This article was featured in the November-December 2014 edition of the Pennsylvania Lawyer, reproduced below with the permission of the Pennsylvania Bar Association.
Article V of the Pennsylvania Constitution establishes a Unified Judicial System comprised of the Pennsylvania Supreme Court, the Pennsylvania Superior Court, the Pennsylvania Commonwealth Court, various Courts of Common Pleas and Magisterial District Courts, as well as specific municipal and traffic courts.
Magisterial District Courts
The first level of Pennsylvania's judiciary can be referred to, for the most part, as Magisterial District Courts. Such district courts are presided over by Magisterial District Judges (MDJs) who are not required to be attorneys, but any MDJ who is not an attorney must complete a course of training and instruction in the duties of the office and must pass a qualifying exam administered and conducted by staff of the Minor Judiciary Education Board prior to assuming office, as authorized by 42 Pa.C.S.A Sections 3112 and 3113. The Philadelphia Municipal Court does have judges who are required to be licensed attorneys, but that court's Traffic Division judges can be non-lawyers. Currently there are approximately 527 appointed or elected MDJs throughout Pennsylvania.
The members of the minor judiciary are responsible for, among other things, determining whether serious criminal cases are to be bound over to a county court of common pleas; overseeing preliminary arraignments and preliminary hearings in criminal matters; setting and accepting bail, except in murder or voluntary-manslaughter cases; handling landlord-tenant matters; and presiding over certain types of civil claims where the sum demanded does not exceed $12,000, exclusive of interest and costs, as set forth in 42 Pa.C.S.A. Section 1515.
Additionally, other than the Philadelphia Traffic Division, the minor judiciary also handles matters involving motor vehicle citations.
Courts of Common Pleas
The Courts of Common Pleas are Pennsylvania's general trial courts. Currently, there are 60 judicial districts that oversee the 67 counties in Pennsylvania. Therefore, most counties have their own courts of common pleas, but several of the smaller counties share courts with a neighboring county. Each of the 60 judicial districts has a president judge and a court administrator who oversees the court calendar and the distribution of civil, criminal and estate matters.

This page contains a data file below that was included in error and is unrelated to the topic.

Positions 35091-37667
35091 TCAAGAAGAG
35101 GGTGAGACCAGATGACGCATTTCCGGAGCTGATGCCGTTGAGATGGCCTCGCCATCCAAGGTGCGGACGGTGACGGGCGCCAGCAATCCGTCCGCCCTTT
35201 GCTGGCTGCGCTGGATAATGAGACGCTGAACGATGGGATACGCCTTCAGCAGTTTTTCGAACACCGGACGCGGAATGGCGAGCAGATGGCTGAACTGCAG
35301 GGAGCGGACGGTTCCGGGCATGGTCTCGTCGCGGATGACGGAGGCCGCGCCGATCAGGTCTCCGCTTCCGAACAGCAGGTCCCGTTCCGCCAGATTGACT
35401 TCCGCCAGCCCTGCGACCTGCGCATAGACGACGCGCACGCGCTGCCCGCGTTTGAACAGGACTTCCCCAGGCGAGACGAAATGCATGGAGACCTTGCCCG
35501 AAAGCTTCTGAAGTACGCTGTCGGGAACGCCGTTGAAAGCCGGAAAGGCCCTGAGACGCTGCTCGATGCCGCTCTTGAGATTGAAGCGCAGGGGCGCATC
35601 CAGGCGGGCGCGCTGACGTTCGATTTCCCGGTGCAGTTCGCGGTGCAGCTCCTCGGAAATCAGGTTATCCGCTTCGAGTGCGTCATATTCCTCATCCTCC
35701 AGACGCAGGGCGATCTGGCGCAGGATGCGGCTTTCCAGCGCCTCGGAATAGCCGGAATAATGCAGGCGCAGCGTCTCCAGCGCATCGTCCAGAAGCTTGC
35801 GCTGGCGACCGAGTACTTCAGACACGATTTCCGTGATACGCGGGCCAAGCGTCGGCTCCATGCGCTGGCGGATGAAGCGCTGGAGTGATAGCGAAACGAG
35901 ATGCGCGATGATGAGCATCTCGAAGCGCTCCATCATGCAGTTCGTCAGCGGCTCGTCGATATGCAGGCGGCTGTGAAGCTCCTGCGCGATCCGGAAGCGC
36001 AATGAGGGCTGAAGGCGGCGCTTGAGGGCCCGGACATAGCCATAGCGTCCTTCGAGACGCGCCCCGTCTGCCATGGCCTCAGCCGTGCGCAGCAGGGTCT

The Courts of Common Pleas generally have unlimited original jurisdiction of all actions and proceedings, including, without limitation, appeals from the minor judiciary, appeals from civil arbitrations and matters involving estates.
The Superior Court has exclusive appellate jurisdiction to hear appeals from both criminal cases and civil matters, which may be filed directly from the Courts of Common Pleas. As per Article V, Section 3 of the Pennsylvania Constitution, there must be at least seven Superior Court Judges. Currently, the Superior Court has 15 judges, as per 42 Pa.C.S.A. Section 541. Cases are usually heard in panels of three judges sitting in Harrisburg, Philadelphia, or Pittsburgh but may also be heard by the court en banc (heard by all judges). The Superior Court sometimes travels to other locations to hear appeals throughout Pennsylvania.
Article V Section 4 of the 1968 Pennsylvania Constitution created the Commonwealth Court. The Commonwealth Court is comprised of nine judges, as per 42 Pa.C.S.A. Section 561. It is responsible for original civil actions brought by and against the Commonwealth and appeals from decisions made by state and local governmental and regulatory agencies and the Courts of Common Pleas. Similar to the Superior Court, cases are typically heard by panels of three judges in Harrisburg, Philadelphia or Pittsburgh (or at other locations, as determined by the court) but may in certain circumstances be heard by a single judge or the court en banc (all judges).
The Supreme Court of Pennsylvania is the oldest appellate court in the United States and is the highest court in the Commonwealth of Pennsylvania. The Supreme Court has seven justices who hear matters at their sole discretion. It reviews requests for appeals from both the Commonwealth Court and the Superior Court and, in certain instances, direct appeals from a lower court. The Supreme Court also addresses matters involving death sentences and requests for intervention in court proceedings as well as requests that may involve the improper or illegal detention of an individual. The Supreme Court also has authority over the enforcement of rules and regulations relating to the conduct of judges and attorneys, including, but not limited to, a Judicial Review Board and the Disciplinary Board of the Supreme Court of Pennsylvania. Additionally, the Supreme Court oversees the rules of procedure governing civil and criminal actions in Pennsylvania. The seven justices receive more than 3,000 requests for appellate review annually.